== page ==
100%

Scanned image of the page. Keyboard directions: use + to zoom in, - to zoom out, arrow keys to pan inside the viewer.

Page Options

Share

Something wrong?

Something wrong with this page? Report problem.

Rights / Permissions

The University of Michigan Library provides access to these materials for educational and research purposes. These materials may be under copyright. If you decide to use any of these materials, you are responsible for making your own legal assessment and securing any necessary permission. If you have questions about the collection, please contact the Bentley Historical Library at bentley.ref@umich.edu

July 31, 1964 - Image 14

Resource type:
Text
Publication:
The Detroit Jewish News, 1964-07-31

Disclaimer: Computer generated plain text may have errors. Read more about this.

Alexander Friedman - Mathematician
Who 'Solved' Albert Einstein's Theory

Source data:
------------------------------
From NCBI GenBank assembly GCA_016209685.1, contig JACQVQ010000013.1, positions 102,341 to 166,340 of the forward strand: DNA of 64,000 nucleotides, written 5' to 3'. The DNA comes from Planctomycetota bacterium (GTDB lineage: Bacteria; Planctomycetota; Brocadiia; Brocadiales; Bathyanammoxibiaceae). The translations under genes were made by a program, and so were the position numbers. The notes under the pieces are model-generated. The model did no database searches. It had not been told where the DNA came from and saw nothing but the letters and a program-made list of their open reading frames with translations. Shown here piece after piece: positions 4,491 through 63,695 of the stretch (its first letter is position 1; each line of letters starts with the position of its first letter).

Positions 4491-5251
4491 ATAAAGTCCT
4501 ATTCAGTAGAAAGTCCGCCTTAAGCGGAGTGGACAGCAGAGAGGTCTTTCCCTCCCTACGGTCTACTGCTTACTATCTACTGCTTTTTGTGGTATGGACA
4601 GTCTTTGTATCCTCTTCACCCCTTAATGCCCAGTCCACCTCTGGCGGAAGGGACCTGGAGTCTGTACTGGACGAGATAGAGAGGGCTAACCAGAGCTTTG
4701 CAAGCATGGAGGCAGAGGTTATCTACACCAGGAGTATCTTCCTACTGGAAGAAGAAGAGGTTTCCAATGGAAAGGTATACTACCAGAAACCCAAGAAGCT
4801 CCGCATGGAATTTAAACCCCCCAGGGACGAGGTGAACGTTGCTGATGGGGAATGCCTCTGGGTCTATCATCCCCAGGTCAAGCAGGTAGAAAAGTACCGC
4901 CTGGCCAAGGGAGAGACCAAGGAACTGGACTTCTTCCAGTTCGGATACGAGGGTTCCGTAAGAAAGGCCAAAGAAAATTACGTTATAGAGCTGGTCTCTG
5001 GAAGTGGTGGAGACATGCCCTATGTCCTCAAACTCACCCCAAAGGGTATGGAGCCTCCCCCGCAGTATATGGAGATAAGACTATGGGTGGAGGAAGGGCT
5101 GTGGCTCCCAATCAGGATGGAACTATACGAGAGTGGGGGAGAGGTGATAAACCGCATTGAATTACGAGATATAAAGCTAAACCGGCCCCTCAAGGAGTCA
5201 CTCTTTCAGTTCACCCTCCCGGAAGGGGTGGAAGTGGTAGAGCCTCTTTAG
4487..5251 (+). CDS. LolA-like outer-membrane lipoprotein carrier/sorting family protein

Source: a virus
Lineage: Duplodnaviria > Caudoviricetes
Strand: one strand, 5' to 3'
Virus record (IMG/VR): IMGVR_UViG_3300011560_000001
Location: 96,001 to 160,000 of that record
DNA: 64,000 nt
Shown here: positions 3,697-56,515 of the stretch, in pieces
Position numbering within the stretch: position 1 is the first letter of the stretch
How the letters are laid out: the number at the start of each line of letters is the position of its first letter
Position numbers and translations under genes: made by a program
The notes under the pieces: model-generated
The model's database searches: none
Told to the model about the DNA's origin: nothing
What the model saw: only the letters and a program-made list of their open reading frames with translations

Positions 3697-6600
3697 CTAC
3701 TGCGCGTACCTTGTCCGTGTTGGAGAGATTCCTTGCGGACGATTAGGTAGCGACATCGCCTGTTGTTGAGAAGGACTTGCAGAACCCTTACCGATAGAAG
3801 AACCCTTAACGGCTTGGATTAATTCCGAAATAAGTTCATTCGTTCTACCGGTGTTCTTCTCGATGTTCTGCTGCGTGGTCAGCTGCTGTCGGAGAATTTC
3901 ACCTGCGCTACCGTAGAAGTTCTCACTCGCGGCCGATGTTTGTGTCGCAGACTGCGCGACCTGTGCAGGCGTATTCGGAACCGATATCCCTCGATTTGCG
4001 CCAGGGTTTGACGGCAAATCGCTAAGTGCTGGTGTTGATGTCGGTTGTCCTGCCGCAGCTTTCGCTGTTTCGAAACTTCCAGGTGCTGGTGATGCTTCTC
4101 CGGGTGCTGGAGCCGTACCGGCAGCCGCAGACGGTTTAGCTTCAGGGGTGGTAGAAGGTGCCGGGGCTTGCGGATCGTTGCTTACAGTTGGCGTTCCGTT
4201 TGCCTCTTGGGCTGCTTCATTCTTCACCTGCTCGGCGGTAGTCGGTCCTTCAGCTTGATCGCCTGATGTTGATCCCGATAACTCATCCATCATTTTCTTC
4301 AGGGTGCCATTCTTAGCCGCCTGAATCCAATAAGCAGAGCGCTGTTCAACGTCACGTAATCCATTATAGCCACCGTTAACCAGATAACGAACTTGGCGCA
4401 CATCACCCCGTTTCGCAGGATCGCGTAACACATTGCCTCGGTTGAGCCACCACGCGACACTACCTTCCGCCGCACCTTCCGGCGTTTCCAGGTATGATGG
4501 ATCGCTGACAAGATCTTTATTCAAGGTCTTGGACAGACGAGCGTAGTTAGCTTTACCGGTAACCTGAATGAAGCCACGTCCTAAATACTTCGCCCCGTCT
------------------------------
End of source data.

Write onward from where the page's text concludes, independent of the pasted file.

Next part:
The "conflict" between a physi-
cist and a mathematician over the
shape the world is in has kept
scientists going around in circles
for the past 40 years. The two
men; Albert Einstein and Alex-
ander Friedman.
Friedman, a Soviet mathemati-
cian, declared in 1922 that from
the general theory of relativity, it
follows that the universe is ex-
panding. Einstein discounted the
calculations by his fellow Jewish
scientist.
A year later, it is recounted in
the current issue of "USSR," a
magazine on Soviet life printed in
this country, Einstein withdraw his
criticism. "My objections were
founded on a calculation error ...
I consider the results obtained by
Mr. Freidman correct and final,"
Einstein wrote in a German
physics journal.
The article by Irina Radun-
skaya makes no mention of
Friedman's Jewish background.
It says only that he won the
Cross of St. George as an army
pilot in World War I, that he
was a top meteorologist and ma-
thematician. He hoped to com-
bine the two sciences with a
theory on scientific weather
forecasting.
A 1910 graduate of the Univer-
sity of St. Petersburg, Friedman
had a great future ahead of him.
But in 1925, on a vacation in the
Crimea, he drank a glass of pol-
luted water and died of typhus.
He was 37.